Carmentalia is two separate feast dates honouring the Roman goddess Carmenta. It is said that she could see back in the past as well as forward into the future at the same time, and her history is rife with protests and standing ones ground. At one point the Roman Senate denied certain privileges to women during the Second Punic War but didn’t immediately reinstate those privileges once the war had ended. As a mass of people started to grow to discuss and argue about this inequality, women from all over the countryside joined in, first gathering in the Carmentis gardens at the foot of Capitoline hill. They went as far as refusing to work on their husbands’ stock, and in some extreme cases even inducing abortion as a form of protest until privileges were restored.
They saw what they had, they saw what they lost, and they could see how it would affect them in future. And they did something about it. Celebrating Carmentalia honours the early efforts of these Roman women.
Observing Carmentalia can be for our own hearts as well. What can we do to attract love to our lives? What can we do to improve our sexual relationships? How can we nurture the connections we already have? What can we learn from the goddess of fertility and prophecy who cared for all womankind to in turn care for all mankind? It’s different for everyone.
We’ve see what we have had and if we look hard enough we can see what we’ve lost, and we can therefore prepare ourselves for the future. New Year’s Eve is a time when people make resolutions for change in the coming year. We vow to do better, lose weight, save money, stop smoking, etc, because we can see what we deemed was wrong or bad or off in the past and how it can be better in future – how we can be better in future. The changing of the year allows us to start fresh on a particular day when we would physically or metaphorically be switching out the calendar for a new one. We leave the past behind and focus firmly on the future.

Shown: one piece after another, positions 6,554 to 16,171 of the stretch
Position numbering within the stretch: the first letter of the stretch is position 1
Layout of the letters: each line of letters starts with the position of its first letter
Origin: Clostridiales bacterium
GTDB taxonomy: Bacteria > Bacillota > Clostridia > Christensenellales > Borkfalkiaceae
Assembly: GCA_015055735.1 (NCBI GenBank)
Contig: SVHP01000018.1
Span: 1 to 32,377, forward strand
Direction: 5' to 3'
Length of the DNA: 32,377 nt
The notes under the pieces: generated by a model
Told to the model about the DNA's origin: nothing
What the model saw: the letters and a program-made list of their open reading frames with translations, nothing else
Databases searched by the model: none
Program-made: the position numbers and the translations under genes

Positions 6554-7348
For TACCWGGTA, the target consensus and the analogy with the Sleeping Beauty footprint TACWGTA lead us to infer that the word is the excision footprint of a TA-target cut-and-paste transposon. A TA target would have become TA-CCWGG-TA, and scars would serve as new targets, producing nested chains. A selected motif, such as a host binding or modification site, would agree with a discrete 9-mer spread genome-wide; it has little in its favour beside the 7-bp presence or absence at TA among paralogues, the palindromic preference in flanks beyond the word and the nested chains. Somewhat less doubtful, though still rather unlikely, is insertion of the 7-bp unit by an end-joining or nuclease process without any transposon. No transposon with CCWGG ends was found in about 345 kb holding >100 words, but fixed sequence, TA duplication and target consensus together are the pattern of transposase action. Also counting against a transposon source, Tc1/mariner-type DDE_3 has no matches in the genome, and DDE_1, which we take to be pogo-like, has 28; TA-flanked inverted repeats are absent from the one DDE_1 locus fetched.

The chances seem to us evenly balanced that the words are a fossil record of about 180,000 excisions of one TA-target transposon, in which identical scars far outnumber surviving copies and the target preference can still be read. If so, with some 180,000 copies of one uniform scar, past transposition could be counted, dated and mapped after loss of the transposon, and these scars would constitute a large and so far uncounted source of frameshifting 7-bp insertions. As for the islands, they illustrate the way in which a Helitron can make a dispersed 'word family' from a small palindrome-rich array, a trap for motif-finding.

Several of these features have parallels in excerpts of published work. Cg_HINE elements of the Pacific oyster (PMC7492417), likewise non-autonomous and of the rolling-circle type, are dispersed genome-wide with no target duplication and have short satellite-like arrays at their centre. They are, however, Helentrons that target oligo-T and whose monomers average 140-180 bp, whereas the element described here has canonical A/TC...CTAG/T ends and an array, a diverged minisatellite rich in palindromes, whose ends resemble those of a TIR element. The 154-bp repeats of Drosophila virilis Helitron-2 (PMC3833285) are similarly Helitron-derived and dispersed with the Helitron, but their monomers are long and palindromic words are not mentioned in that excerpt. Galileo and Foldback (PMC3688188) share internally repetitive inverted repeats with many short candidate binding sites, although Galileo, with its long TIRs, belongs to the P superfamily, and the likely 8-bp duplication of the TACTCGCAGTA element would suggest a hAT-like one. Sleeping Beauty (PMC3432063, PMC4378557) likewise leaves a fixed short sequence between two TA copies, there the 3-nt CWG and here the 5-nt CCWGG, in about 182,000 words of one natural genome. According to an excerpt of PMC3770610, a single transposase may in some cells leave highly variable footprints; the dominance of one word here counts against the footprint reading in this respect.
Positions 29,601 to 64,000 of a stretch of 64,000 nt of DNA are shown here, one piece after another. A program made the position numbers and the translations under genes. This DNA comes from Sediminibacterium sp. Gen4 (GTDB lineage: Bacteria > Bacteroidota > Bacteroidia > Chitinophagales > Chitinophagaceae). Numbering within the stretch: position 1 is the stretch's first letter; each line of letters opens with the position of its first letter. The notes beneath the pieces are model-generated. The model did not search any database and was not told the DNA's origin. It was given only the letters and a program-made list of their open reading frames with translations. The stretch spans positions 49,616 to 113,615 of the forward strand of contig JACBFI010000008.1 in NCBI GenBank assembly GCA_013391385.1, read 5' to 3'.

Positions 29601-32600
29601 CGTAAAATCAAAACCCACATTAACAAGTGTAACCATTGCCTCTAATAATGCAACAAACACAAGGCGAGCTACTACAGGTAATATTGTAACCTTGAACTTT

Carmentalia was celebrated on two nights, January 11 and January 15, with a feast and celebration for achieving one’s goals. Two weeks into the New Year we can already see if our New Year’s Resolutions had an impact or if they were just words left spoken.
Start by burning some bay leaves as incense and offer popana cakes (a type of bureka) and milk and think on the following Carmentalia prayer:
With pious rite I call out, I summon, I entice with songs that You come forth, Carmenta,
And look favorably upon the matrons of our families.
In You, dearest Mother, in Your hands we place our safekeeping.
In offering to You this cake of cheese I pray good prayers
in order that, pleased with this offering of popana,
May You be favorable towards our children and to us,
Towards our homes and our households.
May Carmenta be favourable to you, your hearts, and your homes. And may you have a bright and blessed New Year!
About the Author:
Rev. Rachel U Young is a pagan based in Toronto, Canada. She is a licenced Wedding Officiant and under the name NamasteFreund she makes handfasting cords and other ceremonial accessories. She is also the Chair of Toronto Pagan Pride Day.